Austin, TX

Texas Goodwill store sells ancient Roman sculpture for $35, it's now on display at San Antonio Museum of Art

Kristen Walters

An ancient Roman bust was mistakenly sold to a woman at a Goodwill store in Austin, Texas, for $35. It is now on display at the San Antonio Museum of Art.
Max Rottersman/Pexels (Canva Pro license)

Starting on May 4, 2022, a new exhibit with an interesting backstory will be on display at the San Antonio Museum of Art.

The piece in question is an ancient Roman bust of a man. But how it came to the United States makes it even more interesting.

Historians believe the artifact dates back to the first century BC or possibly the first century AD, when the Roman Empire reached its height of power throughout Europe and North Africa. This is also right around the time that Christ is thought to have lived on Earth.

Researchers know that the art piece was previously on display in the town of Aschaffenburg, Germany, prior to World War II. However, during WWII, the building where the artifact was on display was severely damaged by bombings, and the ancient Roman sculpture was removed.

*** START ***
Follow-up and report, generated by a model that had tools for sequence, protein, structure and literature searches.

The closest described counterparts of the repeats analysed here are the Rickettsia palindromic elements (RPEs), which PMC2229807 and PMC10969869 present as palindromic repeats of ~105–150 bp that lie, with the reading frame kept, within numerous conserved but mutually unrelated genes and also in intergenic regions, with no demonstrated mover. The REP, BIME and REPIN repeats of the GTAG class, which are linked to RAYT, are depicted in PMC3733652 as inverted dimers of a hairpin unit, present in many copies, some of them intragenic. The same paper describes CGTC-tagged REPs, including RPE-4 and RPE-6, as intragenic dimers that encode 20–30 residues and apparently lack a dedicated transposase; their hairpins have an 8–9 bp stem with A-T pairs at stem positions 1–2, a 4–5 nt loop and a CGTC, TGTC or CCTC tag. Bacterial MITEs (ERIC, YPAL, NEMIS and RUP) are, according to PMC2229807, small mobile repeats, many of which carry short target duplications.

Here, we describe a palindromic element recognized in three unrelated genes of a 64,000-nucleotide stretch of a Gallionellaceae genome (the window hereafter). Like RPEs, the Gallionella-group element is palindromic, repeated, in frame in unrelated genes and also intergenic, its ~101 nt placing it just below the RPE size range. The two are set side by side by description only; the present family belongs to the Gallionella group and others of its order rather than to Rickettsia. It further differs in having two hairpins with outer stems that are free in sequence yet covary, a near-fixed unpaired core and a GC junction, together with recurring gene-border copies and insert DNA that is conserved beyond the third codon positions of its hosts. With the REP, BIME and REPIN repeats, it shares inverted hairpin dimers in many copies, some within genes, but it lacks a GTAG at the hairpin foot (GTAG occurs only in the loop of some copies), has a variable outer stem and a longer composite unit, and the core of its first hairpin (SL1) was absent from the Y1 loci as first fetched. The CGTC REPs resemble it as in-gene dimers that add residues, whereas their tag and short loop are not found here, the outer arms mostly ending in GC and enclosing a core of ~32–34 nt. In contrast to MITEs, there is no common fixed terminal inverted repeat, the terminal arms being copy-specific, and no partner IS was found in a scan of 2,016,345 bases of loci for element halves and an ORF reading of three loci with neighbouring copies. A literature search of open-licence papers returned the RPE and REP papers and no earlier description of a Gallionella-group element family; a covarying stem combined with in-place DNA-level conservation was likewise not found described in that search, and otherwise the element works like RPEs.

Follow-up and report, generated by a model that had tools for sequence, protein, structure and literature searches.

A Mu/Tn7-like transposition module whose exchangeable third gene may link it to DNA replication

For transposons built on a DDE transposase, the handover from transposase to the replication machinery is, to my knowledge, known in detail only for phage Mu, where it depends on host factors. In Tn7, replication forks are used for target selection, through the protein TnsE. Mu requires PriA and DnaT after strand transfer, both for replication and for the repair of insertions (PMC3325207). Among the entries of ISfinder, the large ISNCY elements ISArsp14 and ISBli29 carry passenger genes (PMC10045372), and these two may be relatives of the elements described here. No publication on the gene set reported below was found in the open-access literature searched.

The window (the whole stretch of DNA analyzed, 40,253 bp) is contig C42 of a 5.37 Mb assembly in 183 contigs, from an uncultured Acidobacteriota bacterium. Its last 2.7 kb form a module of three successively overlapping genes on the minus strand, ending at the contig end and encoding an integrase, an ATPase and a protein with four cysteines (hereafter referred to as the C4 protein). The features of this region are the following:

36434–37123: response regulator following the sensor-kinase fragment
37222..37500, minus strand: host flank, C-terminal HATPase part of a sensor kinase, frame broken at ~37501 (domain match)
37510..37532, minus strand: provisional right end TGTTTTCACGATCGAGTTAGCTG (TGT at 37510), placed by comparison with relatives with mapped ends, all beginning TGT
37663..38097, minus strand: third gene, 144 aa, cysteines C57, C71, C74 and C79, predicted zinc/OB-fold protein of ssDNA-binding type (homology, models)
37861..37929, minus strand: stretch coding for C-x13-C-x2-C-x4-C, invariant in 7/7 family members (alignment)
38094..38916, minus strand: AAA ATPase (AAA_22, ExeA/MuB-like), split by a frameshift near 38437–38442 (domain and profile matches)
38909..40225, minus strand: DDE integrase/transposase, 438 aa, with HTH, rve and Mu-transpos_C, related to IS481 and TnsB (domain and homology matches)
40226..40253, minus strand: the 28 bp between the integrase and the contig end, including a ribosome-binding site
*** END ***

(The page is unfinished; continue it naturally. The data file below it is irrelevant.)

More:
We do know that the United States set up military camps in the town of Aschaffenburg, Germany, during the war, some of which remained intact until 1991, when the Soviet Union was dissolved.

While it is not exactly clear how the ancient Roman sculpture made its way to the United States, researchers believe it was most likely a US soldier who brought the art piece with him when he returned from the war.

In 2018, an antique dealer found the sculpture in a Goodwill store located in Austin, Texas. The ancient artifact was being sold for "$34.99" according to the yellow price sticker that was haphazardly stuck to its face.

Suspecting that the piece was worth a bit more than the Goodwill store had charged, the buyer had the sculpture inspected by an art appraiser who confirmed that the antique dealer had, in fact, stumbled upon an ancient Roman artifact.

The piece will be on display at the San Antonio Museum of Art until May 21, 2023. It will then be sent back to Germany.

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